You don't just have to fight: a curator's story

You don't just have to fight: a curator's story
Photo by Max Kleinen / Unsplash
This is an excerpt I've been working on this week, a diary except from another Amnari, SDAC Tabishka. I'll be continuing to work on it over the next few months, as much as I have time. It's very much a first draft, but I thought I would share it anyway.

Note attached to the top of the file: I don't know who's going to read this, but if you do, you have to help. You have to get the word out—now. It's too late for me, but if you can get the word back to a matrix, even a hub will do, we can spread the message.

Everybody has to know. We are all in so much danger. Not just the Alliance, but all Amaresh. Everywhere. These people are monsters and they'll stop at nothing to get what they want.

I know you won't believe me. I wouldn't either, if I were in your shoes. I was in your shoes, not that long ago. Now I know better, which is why I have to tell you the whole story. Then you can take the rest of this diary, share it with as many people as you can, and maybe, just maybe, we might be able to save the world.

Ishril 25, 4633 AIA

We have a problem with the shipment. I've just come back from the Taijis Nil library to find a message waiting for me on my desk. I only came back because my slate wouldn't stop buzzing. Urgent message, flashing bright and clear on the black screen. Now here I am with this note telling me I need to speak to the Guardian of External Affairs as soon as possible.

I'm Deputy Assistant Curator for the museum, so I've never talked with a Guardian before. It's not impossible, of course, but it does make me anxious. That sticky feeling that I must've done something wrong. It's not real, but boy does it feel like it is.

I want to head over there straight away, since it is the Guardian xirself, after all. But I sit at my desk and I wonder, what could possibly be so urgent about a shipment of junk from the Nas Ashca?

And it is junk, don't get me wrong, to pretty much everyone else outside the museum stores, it's pretty much useless. Dead tech from five thousand years ago, often more, mostly just mangled metal we can put aside to be recycled or reused. That's why it'd never get approval for a dragonlift, so it's coming overland instead.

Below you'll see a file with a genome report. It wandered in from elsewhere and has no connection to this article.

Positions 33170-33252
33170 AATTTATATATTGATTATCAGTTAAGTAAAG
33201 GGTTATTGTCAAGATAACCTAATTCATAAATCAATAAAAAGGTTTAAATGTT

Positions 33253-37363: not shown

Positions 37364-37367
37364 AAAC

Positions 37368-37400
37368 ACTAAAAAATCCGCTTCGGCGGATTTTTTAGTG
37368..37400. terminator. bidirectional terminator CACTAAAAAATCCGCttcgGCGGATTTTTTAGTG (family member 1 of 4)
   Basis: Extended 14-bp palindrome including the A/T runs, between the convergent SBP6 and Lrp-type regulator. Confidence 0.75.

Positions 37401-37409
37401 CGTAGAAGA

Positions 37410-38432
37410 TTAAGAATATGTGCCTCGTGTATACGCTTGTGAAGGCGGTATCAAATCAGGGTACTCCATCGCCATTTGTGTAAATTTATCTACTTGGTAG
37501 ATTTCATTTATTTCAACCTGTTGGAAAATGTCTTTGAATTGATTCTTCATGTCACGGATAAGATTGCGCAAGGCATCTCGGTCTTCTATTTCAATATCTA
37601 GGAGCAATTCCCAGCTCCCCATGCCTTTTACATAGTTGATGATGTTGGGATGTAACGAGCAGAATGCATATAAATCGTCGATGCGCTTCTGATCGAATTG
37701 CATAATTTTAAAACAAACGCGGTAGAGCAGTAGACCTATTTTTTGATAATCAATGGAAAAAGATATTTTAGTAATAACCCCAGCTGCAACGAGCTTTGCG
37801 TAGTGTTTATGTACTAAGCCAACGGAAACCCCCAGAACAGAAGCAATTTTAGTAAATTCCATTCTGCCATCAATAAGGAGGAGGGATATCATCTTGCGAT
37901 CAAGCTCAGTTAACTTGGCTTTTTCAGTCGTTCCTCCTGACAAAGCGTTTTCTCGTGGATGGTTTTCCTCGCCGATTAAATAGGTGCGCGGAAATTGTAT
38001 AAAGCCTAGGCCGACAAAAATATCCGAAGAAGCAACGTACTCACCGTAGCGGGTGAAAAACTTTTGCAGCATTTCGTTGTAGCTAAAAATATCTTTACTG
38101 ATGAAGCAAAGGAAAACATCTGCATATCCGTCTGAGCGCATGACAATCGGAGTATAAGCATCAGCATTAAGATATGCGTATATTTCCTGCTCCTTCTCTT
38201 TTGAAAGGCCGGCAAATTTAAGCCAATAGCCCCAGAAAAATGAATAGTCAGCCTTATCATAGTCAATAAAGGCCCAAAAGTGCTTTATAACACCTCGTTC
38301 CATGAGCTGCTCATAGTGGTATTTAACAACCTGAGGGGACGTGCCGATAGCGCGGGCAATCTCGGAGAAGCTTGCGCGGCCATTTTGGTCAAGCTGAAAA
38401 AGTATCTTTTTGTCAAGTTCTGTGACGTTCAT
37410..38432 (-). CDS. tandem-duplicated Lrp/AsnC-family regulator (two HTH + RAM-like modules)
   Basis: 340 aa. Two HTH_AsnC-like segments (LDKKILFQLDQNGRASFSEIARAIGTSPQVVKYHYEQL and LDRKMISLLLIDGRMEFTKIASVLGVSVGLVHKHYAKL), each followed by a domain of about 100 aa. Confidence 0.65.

Nobody ignores a Guardian, so I now I have to drop everything and head up to see xem, I suppose.

All I wanted was a quiet day, and a quiet life. You're going to have to put up with me whinging now, but I can't for the life of me work out why the Builders—all those brave souls who put so much work into tunnelling this city out of the canyon rock with what primitive kata skills they had to hand at the time—decided to put a library so close to what is, in real terms, the frontline in an endless war.

Why not put the library well back, out of harm's way? Nobody's going to want to get a book or pop ino the museum for a quick tour on the way to fight, are they? Are they?

I think all of this as I wend my nervous way over to the elevators. It's like a warren down here, but even with several thousand tons of rock between me and that hideous rend in reality they call the Gap, I can still feel it every time the bloody thing rips open.

We all can, of course. If you were born in an Exclusion Zone, inside a Barrier, then you know what I mean. Like somebody put metal needles in your teeth and bones and pulled you inside out. I don't know how all those Warrior and Watcher classes do it. Defending the Line. Fighting until the sifradan and the seers can get the Gap closed again. 

I know I couldn't.

I like my quiet, I'm not gonna lie. Isha blessed me, I guess, with the sort of skills for sorting out objects in a museum store and stacking books, because you wouldn't see me anywhere nearer a Gap than I ever have to get.

I'm rambling. Here we are. The elevator, just the one this far down because there's only five of us who work down here, so we don't need more than one. I don't use the stairs; my legs won't take it. I can tell the Gap's open right now. My teeth pulse, my gums taste of metal. And my legs—I'm so glad of the elevators. If I had to use the stairs I'd die. They'd have to bring all the objects up to me in our home.

So, while I'm here in the elevator, I try to plan what I'm going to say to the Guardian. My slate's a good distraction. I send a message over to Ajaë to let xem know what's going on.

<Message from the Guardian Anarya. Xe wants to speak to me about a problem with a junk shipment from the Nas Ashca. I might be late home.>

Ajaë's busy; xe doesn't reply right away. Xe's always busy, the cheetah to my sloth. I struggle through the world on my failing legs and my failing heart, the kata eating away at me, and xe's the hero saving the world.

Well, xe manages all the tricky ways kata can be used to store data on the Amnet, so of course he's busy.

Right. We're at the right floor. I've never been up here before. Isha's sacred tits, the ceilings are high, and vaulted, too. It's busy, too. Nothing to do with me or my shipment, of course. Service staff and assistants are hurrying back and forth because the Gap's live and that keeps everyone on their toes.

I have to weave my way around them (not easy with my legs being daft from standing in the elevator), and make sure I don't bump into anyone. They all look important in their smart uniforms and stylish hair cuts. Bushu locs are in again this year, but they don't suit my hair. I'm Taija, and my hair's too thin, so I leave it natural.